Recent Blog Articles
Want to try veganism? Here's how to get started
Vitamin B6 flies under the radar: Are you getting enough?
The formula shortage is hurting families: What parents should know and do
Gyn Care 101: What to know about seeing a gynecologist
Swimming lessons save lives: What parents should know
Strong legs help power summer activities: Hiking, biking, swimming, and more
What is a successful mindset for weight loss maintenance?
French fries versus almonds: Calorie for calorie, which comes out on top?
Summer camp 2022: Having fun and staying safe
Finding balance: 3 simple exercises to steady your steps
Diseases & Conditions
Past trauma may haunt your future health
Adverse childhood experiences, in particular, are linked to chronic health conditions.
Image: © Giuda90/Getty Images
A rocky childhood. A violent assault. A car accident. If these are in your past, they could be affecting your present health.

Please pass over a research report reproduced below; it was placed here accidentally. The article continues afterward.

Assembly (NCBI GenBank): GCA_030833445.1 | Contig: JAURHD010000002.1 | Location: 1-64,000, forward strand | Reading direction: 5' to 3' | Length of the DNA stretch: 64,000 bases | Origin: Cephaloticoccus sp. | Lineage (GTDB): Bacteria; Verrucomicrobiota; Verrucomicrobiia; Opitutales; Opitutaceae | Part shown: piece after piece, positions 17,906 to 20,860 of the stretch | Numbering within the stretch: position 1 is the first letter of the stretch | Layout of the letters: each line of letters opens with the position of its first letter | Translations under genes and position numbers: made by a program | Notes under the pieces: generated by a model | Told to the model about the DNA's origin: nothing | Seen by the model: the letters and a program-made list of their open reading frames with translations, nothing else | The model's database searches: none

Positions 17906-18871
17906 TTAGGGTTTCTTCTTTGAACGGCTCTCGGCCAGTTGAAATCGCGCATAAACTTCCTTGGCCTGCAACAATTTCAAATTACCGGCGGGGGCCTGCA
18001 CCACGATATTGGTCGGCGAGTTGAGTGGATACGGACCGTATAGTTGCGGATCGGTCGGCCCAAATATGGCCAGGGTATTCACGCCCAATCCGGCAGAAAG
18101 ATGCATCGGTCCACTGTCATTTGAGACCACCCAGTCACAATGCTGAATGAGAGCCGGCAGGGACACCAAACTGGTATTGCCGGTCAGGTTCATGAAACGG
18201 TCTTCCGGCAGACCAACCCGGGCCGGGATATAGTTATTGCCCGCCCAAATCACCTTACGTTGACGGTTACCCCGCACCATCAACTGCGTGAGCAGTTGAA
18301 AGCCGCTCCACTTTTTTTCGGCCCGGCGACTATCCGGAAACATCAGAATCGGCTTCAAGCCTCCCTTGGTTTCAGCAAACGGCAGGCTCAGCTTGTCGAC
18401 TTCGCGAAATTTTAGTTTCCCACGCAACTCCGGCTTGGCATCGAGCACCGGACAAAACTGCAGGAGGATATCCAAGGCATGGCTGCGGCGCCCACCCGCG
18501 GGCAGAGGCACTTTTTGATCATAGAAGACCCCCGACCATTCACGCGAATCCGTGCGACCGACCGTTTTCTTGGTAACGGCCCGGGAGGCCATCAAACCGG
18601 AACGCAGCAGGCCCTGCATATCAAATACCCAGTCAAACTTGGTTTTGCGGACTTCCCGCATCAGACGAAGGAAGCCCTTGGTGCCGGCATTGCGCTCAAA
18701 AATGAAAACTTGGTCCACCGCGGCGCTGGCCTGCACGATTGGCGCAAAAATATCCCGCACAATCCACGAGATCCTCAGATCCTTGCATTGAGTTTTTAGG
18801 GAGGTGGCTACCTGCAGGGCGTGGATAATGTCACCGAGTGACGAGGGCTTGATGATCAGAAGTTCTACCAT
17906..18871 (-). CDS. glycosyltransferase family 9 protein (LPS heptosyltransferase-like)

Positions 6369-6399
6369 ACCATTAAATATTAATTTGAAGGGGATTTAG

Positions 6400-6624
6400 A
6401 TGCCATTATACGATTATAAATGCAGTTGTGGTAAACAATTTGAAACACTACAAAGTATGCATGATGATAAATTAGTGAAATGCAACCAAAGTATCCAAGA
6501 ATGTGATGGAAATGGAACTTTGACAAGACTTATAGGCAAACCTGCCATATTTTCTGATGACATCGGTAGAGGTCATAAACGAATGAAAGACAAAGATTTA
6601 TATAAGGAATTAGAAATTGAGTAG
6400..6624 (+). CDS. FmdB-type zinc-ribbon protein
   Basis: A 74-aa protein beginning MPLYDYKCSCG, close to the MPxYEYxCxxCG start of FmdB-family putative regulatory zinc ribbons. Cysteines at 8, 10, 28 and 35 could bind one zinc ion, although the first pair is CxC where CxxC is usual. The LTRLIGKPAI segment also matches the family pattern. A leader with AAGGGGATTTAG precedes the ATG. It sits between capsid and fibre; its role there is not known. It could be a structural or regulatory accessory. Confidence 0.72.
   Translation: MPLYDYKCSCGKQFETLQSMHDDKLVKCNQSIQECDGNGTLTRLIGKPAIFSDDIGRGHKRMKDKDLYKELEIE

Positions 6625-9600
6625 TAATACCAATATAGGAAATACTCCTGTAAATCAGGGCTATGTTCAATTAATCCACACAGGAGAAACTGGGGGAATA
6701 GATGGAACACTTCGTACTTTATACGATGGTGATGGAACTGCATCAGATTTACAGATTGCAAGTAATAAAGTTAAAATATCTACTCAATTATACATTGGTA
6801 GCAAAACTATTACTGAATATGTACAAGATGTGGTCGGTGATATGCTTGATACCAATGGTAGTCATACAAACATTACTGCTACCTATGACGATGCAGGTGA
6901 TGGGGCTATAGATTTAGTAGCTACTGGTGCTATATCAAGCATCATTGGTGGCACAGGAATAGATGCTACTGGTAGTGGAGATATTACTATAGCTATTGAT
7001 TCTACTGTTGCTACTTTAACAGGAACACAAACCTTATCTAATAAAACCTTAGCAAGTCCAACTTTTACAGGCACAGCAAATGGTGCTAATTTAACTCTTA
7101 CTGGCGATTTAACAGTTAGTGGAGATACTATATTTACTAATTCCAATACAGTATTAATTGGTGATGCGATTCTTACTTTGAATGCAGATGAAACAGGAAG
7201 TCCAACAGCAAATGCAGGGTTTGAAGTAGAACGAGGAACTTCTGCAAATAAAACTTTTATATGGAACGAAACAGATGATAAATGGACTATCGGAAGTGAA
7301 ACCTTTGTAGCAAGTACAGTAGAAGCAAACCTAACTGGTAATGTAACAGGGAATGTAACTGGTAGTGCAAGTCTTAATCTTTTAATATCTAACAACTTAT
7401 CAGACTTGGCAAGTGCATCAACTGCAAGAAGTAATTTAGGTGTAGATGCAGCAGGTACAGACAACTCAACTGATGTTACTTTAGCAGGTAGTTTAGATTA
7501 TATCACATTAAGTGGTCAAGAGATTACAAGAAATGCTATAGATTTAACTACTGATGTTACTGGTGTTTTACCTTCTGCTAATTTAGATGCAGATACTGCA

These are all examples of traumatic events — which, in psychological terms, are incidents that make you believe you are in danger of being seriously injured or losing your life, says Andrea Roberts, a research scientist with the Harvard T.H. Chan School of Public Health. Research shows that these events can trigger emotional and even physical reactions that can make you more prone to a number of different health conditions, including heart attack, stroke, obesity, diabetes, and cancer.
To continue reading this article, you must log in.
Subscribe to Harvard Health Online for immediate access to health news and information from Harvard Medical School.
- Research health conditions
- Check your symptoms
- Prepare for a doctor's visit or test
- Find the best treatments and procedures for you
- Explore options for better nutrition and exercise
I'd like to receive access to Harvard Health Online for only $4.99 a month.Sign Me Up
Already a member? Login ».
As a service to our readers, Harvard Health Publishing provides access to our library of archived content. Please note the date of last review or update on all articles.
No content on this site, regardless of date, should ever be used as a substitute for direct medical advice from your doctor or other qualified clinician.
Free Healthbeat Signup
Get the latest in health news delivered to your inbox!